Credentials awarded by colleges and universities today date to the 11th century and the birth of University of Bologna in Italy. The idea of the cap and gown, or robe, is a bit fresher, a 12th and 13th century concept reflecting the connection most graduates held at the time to the Catholic Church. We still cling to these educational traditions born nearly 1,000 years ago, when William of Normandy ruled England and Samurai served Japan. Certainly the ideal of higher education—to transmit and add to a body of knowledge—remains important. However, more and more question whether the several hundred-year-old framework of tertiary education is adequate and appropriate for 21st century students.

Gordon E. Moore surmised that the number of transistors in a circuit doubles about every two years. In shorthand, his observation, colloquially referred to as Moore’s Law, has been used to imply that products improve over time. Not so much for higher education. Where technology has transformed industries from manufacturing to food production, much of higher education has remained untouched. Today, its “one size fits all” product poses a problem.

Students from all walks of life and diverse backgrounds are asked to fit into an educational template created nearly a millennium ago, which is often at odds with their today’s needs and expectations. In fact, higher education’s product is designed for a traditional student though 71 percent of all U.S. post-secondary enrollments consist of non-traditional students. In addition, many learners shoulder a portion of the $1.2 trillion of debt in educational loans, and continue to take them because they have been persuaded that a degree is a pre-requisite for a high-paying job. But the majority of graduates will face employers who now believe that half or fewer of their applicants have “the skills and knowledge for advancement,” according to The Association of American Colleges and Universities.

Let’s instead imagine that students at any given point in their life would have the opportunity to acquire specific knowledge in a short period of time and inexpensively—not through more years of broad-based learning and mountains of debt. Student loans would evaporate. We wouldn’t need them—this targeted learning could be funded on a credit card. Students wouldn’t spend so many productive years just in classrooms, but rather could learn while pursuing a career. Education could be open to all—with people of any age dipping back to the well, when the time is right, and expertise needed. Education would revolve around innovation and the evolution of our knowledge-based economy.

Creating new educational products and expanding the number of ways students can access learning would also generate an additional revenue stream for universities, which would help them prosper. Already a certificate rather than a full degree is the fastest growing alternative credential with more than 30% of U.S. adults holding one.

This is because certificates deliver the type of targeted knowledge that leads to increased employability. Certificates help employers discern a candidate’s skillset in a clearer and more reliable way, and are a better signaling device for one’s true competencies.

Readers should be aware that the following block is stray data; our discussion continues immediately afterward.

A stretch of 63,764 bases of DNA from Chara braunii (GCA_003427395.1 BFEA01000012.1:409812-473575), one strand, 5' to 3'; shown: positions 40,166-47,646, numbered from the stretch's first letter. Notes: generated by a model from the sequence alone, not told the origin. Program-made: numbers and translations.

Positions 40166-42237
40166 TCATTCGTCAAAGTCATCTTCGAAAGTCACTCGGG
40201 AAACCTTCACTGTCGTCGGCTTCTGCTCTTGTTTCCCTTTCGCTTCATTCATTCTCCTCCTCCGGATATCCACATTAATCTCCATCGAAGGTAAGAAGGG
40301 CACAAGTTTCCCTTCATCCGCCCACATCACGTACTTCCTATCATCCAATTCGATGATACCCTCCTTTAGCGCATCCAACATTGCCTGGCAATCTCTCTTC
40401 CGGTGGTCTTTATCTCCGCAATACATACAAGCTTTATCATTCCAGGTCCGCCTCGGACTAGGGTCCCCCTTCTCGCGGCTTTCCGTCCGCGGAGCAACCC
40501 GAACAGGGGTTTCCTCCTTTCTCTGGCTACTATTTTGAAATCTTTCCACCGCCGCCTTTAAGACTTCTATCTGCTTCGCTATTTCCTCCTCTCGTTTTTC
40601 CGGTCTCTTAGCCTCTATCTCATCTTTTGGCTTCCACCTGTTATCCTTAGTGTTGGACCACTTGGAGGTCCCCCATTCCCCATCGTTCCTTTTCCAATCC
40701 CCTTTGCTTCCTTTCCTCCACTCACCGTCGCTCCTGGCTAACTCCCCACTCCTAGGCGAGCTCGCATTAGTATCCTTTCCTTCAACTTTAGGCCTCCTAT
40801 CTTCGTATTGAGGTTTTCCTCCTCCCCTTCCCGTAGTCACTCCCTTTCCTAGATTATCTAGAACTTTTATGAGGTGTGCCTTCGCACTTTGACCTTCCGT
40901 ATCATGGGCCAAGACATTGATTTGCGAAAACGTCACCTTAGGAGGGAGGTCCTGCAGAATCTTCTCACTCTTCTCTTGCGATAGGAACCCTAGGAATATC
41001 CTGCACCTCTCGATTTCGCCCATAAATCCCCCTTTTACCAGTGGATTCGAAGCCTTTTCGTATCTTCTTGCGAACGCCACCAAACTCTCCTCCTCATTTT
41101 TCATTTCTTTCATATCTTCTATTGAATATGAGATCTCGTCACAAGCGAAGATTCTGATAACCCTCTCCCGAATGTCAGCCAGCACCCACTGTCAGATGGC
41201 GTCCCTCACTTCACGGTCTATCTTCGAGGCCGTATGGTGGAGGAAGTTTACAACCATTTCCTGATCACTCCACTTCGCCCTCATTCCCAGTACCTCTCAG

Over the past two years, Academic Partnerships has worked to create new post-secondary programs that utilize the best of traditional higher education, keeping the university at the center of knowledge distribution. Their development has involved many universities at home and abroad and incorporated input from students and industry. The greater flexibility of these new educational products substantially expands access to higher education for a much broader base of 21st century consumers by aligning with their lifestyle and needs.

Many will always choose a classical, on-campus education, particularly those who can afford to come of age in a traditional campus setting. After all, people choose to handwrite with pen and ink, choose to shop in stores, and choose to read books for the feeling of pages in their hands. We write faster on a computer, order jeans more quickly online, and purchase books cheaply on a virtual screen. But we enjoy the choice.

Today’s students, however, do not have a broad range of learning options. Yet, as the digital generation enters its university years, they will demand them. They will expect learning distilled in multiple formats—not only a lecture course at a set time in a set space. They will expect to find the information they need when they want it, where they want it and in the form they’ve grown comfortable using. Universities offering shorter, cheaper and more relevant alternatives to the traditional setting will grow and flourish.

In a digital age, students should have access to 21st century credentials and all forms of delivery: instruction online and on campus, classrooms and digital schools, books and virtual libraries, bite size courses, alternative credentials and degree programs. Learning will thrive when there is greater choice, resulting in growing participation in higher education at home and around the world.

While the 900-year old model of higher education is sentimental to behold, today’s winds of change are bringing the seed of something new. As technology continues to take root, post-secondary education needs to morph through new forms of delivery and new products to continue to bring about the transformative change in peoples’ lives it has for hundreds of years.